The New Student's Reference Work/North Sea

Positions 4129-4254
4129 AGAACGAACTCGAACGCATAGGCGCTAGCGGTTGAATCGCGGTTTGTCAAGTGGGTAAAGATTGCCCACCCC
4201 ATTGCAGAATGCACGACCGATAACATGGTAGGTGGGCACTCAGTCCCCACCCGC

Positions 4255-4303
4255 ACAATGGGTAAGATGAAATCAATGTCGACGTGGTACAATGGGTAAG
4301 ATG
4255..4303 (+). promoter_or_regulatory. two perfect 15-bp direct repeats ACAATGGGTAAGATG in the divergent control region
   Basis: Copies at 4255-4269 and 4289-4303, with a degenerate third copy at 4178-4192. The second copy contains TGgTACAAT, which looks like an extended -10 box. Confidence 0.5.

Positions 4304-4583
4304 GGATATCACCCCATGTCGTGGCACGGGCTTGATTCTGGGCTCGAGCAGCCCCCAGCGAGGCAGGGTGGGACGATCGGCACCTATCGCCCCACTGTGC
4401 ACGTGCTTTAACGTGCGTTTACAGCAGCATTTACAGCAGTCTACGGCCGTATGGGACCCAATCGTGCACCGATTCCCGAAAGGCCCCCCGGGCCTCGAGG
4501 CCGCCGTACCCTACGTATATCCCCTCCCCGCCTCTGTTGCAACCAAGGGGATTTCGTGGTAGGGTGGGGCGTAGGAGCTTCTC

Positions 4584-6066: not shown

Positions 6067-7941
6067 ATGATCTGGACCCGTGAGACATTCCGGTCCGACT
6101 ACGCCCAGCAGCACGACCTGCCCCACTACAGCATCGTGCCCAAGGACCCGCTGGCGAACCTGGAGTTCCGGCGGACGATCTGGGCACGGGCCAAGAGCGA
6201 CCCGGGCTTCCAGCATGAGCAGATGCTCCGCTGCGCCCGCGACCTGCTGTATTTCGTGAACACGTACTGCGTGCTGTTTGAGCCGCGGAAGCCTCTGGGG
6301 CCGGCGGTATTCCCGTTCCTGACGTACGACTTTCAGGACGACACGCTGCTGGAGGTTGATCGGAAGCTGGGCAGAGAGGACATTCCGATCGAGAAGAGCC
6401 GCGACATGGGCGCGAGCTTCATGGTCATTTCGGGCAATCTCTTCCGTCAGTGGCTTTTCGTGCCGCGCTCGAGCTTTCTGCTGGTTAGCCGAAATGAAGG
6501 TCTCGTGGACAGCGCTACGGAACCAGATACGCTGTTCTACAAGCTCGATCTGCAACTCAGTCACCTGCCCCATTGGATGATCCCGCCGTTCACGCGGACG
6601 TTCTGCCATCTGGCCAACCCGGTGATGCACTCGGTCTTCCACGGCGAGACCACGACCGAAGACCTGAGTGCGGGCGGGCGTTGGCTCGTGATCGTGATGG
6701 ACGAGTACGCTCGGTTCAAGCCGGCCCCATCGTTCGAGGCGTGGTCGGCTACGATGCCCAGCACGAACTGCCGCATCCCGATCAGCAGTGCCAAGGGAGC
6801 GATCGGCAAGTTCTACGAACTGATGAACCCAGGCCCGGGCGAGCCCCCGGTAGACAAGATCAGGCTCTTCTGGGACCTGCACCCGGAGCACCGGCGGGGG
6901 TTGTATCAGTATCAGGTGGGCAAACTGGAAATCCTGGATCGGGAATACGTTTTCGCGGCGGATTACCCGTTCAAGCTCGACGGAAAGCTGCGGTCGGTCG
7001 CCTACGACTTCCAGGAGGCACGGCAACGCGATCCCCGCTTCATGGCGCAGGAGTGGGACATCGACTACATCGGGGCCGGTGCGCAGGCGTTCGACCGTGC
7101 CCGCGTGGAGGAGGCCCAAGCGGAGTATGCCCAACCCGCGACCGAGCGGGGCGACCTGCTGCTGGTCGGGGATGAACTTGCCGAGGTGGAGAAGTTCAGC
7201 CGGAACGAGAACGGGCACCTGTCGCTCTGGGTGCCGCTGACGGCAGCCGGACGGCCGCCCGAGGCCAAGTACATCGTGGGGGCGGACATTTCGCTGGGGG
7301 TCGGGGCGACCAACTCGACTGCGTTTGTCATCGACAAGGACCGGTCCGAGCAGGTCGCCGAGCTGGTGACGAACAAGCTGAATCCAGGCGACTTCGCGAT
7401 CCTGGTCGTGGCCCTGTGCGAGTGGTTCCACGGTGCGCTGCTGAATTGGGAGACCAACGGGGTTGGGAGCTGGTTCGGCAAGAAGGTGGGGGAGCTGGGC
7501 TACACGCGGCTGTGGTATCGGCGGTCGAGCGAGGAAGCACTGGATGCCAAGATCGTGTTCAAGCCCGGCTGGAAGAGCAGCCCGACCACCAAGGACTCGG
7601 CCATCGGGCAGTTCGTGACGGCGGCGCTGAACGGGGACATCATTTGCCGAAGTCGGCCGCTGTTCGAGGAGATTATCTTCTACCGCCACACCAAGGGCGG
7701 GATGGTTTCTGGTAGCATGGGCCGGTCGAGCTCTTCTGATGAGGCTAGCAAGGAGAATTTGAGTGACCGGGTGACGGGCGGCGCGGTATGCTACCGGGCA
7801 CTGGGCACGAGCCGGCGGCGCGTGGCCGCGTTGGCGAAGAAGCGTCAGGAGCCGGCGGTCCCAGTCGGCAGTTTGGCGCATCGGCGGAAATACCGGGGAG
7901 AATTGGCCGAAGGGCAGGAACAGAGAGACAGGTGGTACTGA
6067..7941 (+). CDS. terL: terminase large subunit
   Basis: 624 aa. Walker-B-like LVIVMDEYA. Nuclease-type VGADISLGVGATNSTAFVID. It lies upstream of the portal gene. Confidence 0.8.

North Sea or German Ocean is the southern arm of the Arctic Ocean, lying between Britain and Norway. It communicates with the Atlantic through the English Channel and Straits of Dover on the south, and by Pentland Firth and the Orkney and Shetland Channels on the north, and with the Baltic through Skager-Rack and Cattegat. It is over 600 miles long and 400 miles wide, and has an area of 180,000 square miles. The sea is in most places quite shallow, averaging 61 fathoms, but on the Norwegian coast is 360 fathoms deep. It is the receptacle of the waters of the Thames, Ouse, Humber, Tyne, Tweed, Forth, Tay, Scheldt, Rhine, Weser and Elbe. The water is probably the least salty of any of the large seas, and, except in the summer, is warmer than the surrounding atmosphere. The tides are irregular, having a large ebb and flow in some places, while it is hardly perceptible in others. The North Sea has long been one of the commercial highways of the world, and affords a valuable fishing-ground.